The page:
Beechcraft Skipper (oz6219)
About this Plan
Beechcraft Skipper. Scale model for RC. Wingspan 90in, wing area 1170 sq ins. Scale is 1/4.
Quote: "Hi Steve, I just love anything with a T tail. I just got this plan from the 1980’s scanned and I doubt there are very many copies in existence. Wingspan is 90in."
Direct submission to Outerzone.
Update 14/12/2021: Added article, thanks to rocketpilot.
Quote: "Skipper, by Bud Caddell. It looks like a Piper Tomahawk, doesn't it? Or, is it that the Tomahawk looks like a Skipper, I've heard they were designed by the same man. I've also heard that they're entirely different! The actual fact is that they are designed to train embryo pilots to fly, and they both do a superb job - a far cry from the J3 in which I first soloed in. The Skipper is considered the bottom of the Beech line - in price only, though. With normal optional equipment, you'll spend about $32,000 for a factory fresh model.
My interest in the Skipper started with the demise of a Nosen Citabria, which met its death from a too rich diet of G-forces created by a newly installed Webra 91. The Citabria was my camera plane - a cheap 8mm movie camera was installed and I got many exciting rolls of film from the air. However, the Citabria was not the best camera mount, it was just too stable, and turns could only be done with coordinated rudder and aileron. Quite often the pictures showed only blue sky from poor control coordination.
I came across a picture of a cute little Beech Trainer - I knew from past experience the fine folks at Wichita have 1/20th scale drawings available for a nominal price. I wrote, got a copy and went to work. I guess you can call this go project 'apartment-size-1/4-scale.'
The Skipper employs the GAW-1 wing section, and it sure is strange looking - sort of like an airfoil section drawn up by a committee. I was hesitant to use it. The theory behind the section is way over my head in technical jargon but, boiled down, it means getting the same amount of lift from a wing that's 25 percent smaller. But, hey! That's on the full-size airframe ... we use different Reynolds numbers on our models. Finally, I said what the heck, nothing ventured nothing gained. If it doesn't fly, I'll give it to my ole buddy Doss Steed - he can make anything fly.
But fly it did! Right off the board, I was almost a spectator through the whole flight. My official photographer and good friend Gary Tatasciore was ordering me around on the first flight like a director. Usually, I'm nervous Nellie on the first flight of a new scale bird, but not this one, it was like I had flown it 200 times before. It flies just great and with this airfoil section, and you can practically park it in the air.
The prototype was built almost entirely of Sig contest balsa - this resulted in a flying weight of a tad over 16 pounds. I kept it light because of the unknown value of the GAW-1. I now feel that a couple of pounds of ballast will make a great plane even better. But please, only light balsa in the tail section. This bird has a long tail moment, and you just might end up with an overweight bird that's tail heavy - perish the thought!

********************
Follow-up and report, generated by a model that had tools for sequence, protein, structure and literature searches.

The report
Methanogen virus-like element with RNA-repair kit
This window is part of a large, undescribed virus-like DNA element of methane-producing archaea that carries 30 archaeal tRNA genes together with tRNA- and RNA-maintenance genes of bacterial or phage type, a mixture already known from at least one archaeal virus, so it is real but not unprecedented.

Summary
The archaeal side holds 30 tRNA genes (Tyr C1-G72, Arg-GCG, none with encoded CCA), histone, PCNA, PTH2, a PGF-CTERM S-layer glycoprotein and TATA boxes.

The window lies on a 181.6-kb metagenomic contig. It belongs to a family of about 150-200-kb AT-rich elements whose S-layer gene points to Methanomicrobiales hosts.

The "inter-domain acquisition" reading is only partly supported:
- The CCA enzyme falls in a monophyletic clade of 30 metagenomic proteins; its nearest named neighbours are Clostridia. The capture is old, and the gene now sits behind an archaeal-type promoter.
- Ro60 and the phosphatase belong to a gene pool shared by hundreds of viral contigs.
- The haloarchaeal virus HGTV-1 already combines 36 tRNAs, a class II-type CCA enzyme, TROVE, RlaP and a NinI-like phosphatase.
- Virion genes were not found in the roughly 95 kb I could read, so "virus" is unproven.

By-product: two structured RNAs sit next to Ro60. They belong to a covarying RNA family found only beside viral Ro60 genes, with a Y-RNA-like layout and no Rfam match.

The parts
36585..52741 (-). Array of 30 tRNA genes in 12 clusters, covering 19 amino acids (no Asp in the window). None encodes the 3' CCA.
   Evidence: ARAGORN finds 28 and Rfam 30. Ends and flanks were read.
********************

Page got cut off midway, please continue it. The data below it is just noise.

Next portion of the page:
Usually, at this point, I'd go right into construction procedures. But first let me tell you a few things that a designer goes through before he can get to the point of gluing Part A to Part B.
There are at least 250 more airplanes I want to build than I have time left. So believe me, in my middle fifties, I give a lot of thought to a project before I decide. I've been building models for at least 50 of my 55 years (16 years in R/C, and 13 years in Scale), and in that time I've made about every mistake possible, and have seen a lot made by a host of others. I hope I have profited by this in the three important phases of the scratchbuilder - Designing, Building, and Flying. The research that goes into such a project is probably at least equal to the building time. I like Beechcraft airplanes, and this is my third. Why? It's simple, Beech makes some 20 different airframes, and I could stay happy if I never looked beyond their brochure for a model to build.
But, more importantly is that from where I write, it's a 15-minute drive to the local airport. I can photograph to my heart's content. They know me out there and allow me to crawl over the airplanes with a tape measure. But why a tape measure, when I said Beech has 1/20th scale drawings. Well folks, at the risk of slightly offending some good friends in Wichita, I have to say that even the manufacturer makes mistakes on drawings. Quite often, the task is assigned to a draftsman whose job it is to turn out a 4-view drawing of a general nature. This is fine in most cases, but not for nuts like me.
The question most asked me is, how scale is it? My answer is, as scale as I can make it. I've found that my designs fly just fine when I don't monkey around with some things I don't know nearly enough about! The wing area is left as is, as are the fuselage width, the moments, and the tail area. I just don't take any poetic license at all in these areas. The first thing that usually gets changed by a designer is the fuselage width. They narrow it! Why, I don't know..."
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